(Taken from the archives at the Then & Now Historical Library in downtown Dorr)
25 Years Ago — April 24, 1996
The Globe published a dramatic front-page photo by Terry Sturman of Hopkins pitcher Toni Newell missing a tag at home plate on Martin runner Bethany Hunderman. Newell got the last laugh, however, being the winning pitcher and striking out 14 in an 8-4 Vikings’ victory.
The Salem Township Planning Commission is grappling with the issue of whether a water treatment plant causes harm to the Little Rabbit River.
Members of a Hopkins band have been banished to a basement of a home in Bradley because they failed to keep down the noise.
Hopkins Elementary students Dustin Hoezee, Ryan Kaminski and Lisa Wilhelm have had their art works selected by the Michigan Art Education Association for display at the State Capitol in Lansing.
Green Lake Calvary Church will celebrate its 40th birthday in a special service Sunday.
The Wayland Township Board has agreed for a second time to award Ampro Seeds a tax abatement with the promise of additional jobs.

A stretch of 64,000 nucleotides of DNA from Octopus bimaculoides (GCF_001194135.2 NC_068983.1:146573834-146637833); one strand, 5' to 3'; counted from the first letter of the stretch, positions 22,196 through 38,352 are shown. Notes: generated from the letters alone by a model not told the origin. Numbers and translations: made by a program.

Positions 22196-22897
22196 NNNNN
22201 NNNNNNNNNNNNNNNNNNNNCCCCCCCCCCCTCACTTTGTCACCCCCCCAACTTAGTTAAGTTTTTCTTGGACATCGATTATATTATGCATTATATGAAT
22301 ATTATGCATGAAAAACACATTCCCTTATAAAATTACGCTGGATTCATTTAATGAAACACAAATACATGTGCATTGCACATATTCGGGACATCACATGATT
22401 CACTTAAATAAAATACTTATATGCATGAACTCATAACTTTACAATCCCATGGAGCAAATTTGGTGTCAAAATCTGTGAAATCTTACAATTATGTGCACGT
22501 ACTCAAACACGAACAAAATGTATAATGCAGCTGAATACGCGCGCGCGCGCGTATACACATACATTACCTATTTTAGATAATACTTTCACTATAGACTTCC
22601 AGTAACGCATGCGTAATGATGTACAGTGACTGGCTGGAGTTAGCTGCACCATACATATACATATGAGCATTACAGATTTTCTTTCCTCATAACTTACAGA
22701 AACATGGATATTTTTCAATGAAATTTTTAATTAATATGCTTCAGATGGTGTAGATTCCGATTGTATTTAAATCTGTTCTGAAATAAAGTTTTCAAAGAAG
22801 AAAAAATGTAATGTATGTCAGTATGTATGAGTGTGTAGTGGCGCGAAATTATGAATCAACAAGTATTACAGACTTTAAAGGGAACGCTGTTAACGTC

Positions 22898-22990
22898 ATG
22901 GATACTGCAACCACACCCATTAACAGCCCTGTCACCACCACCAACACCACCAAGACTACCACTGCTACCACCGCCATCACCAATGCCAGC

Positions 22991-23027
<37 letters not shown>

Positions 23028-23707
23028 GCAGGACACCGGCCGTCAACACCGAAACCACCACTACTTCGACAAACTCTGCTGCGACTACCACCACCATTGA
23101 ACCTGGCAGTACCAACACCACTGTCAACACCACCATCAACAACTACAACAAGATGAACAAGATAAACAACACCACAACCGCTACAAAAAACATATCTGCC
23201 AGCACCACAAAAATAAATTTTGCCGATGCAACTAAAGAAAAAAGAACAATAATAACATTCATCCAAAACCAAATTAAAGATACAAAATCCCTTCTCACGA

The Henika District Library showed off its renovations and new features in an open house.
Wayland Junior High School held a “whiteout” program to draw attention to the problems of alcohol- and drug-related deaths.
Karen Krulac wrote a letter to the editor complaining about the littered landscape around construction of Wayland Junior High. It turned out the cause was a recent wind storm.
Gun Lake is showing a housing boom with plans for three development projects.
Dan Koperski, Mike Kisner and Jerry Funk came up with sparking performances on the mound as Hopkins won three of its four baseball encounters and now is 7-1.
Richie Guerrant broke a 35-year-old Martin school record in the 200-meter dash by checking in at 22.85 seconds.
Wildcat Amanda Dzierzyc tossed her second one-hitter of the season, striking out 15 Kelloggsville hitters.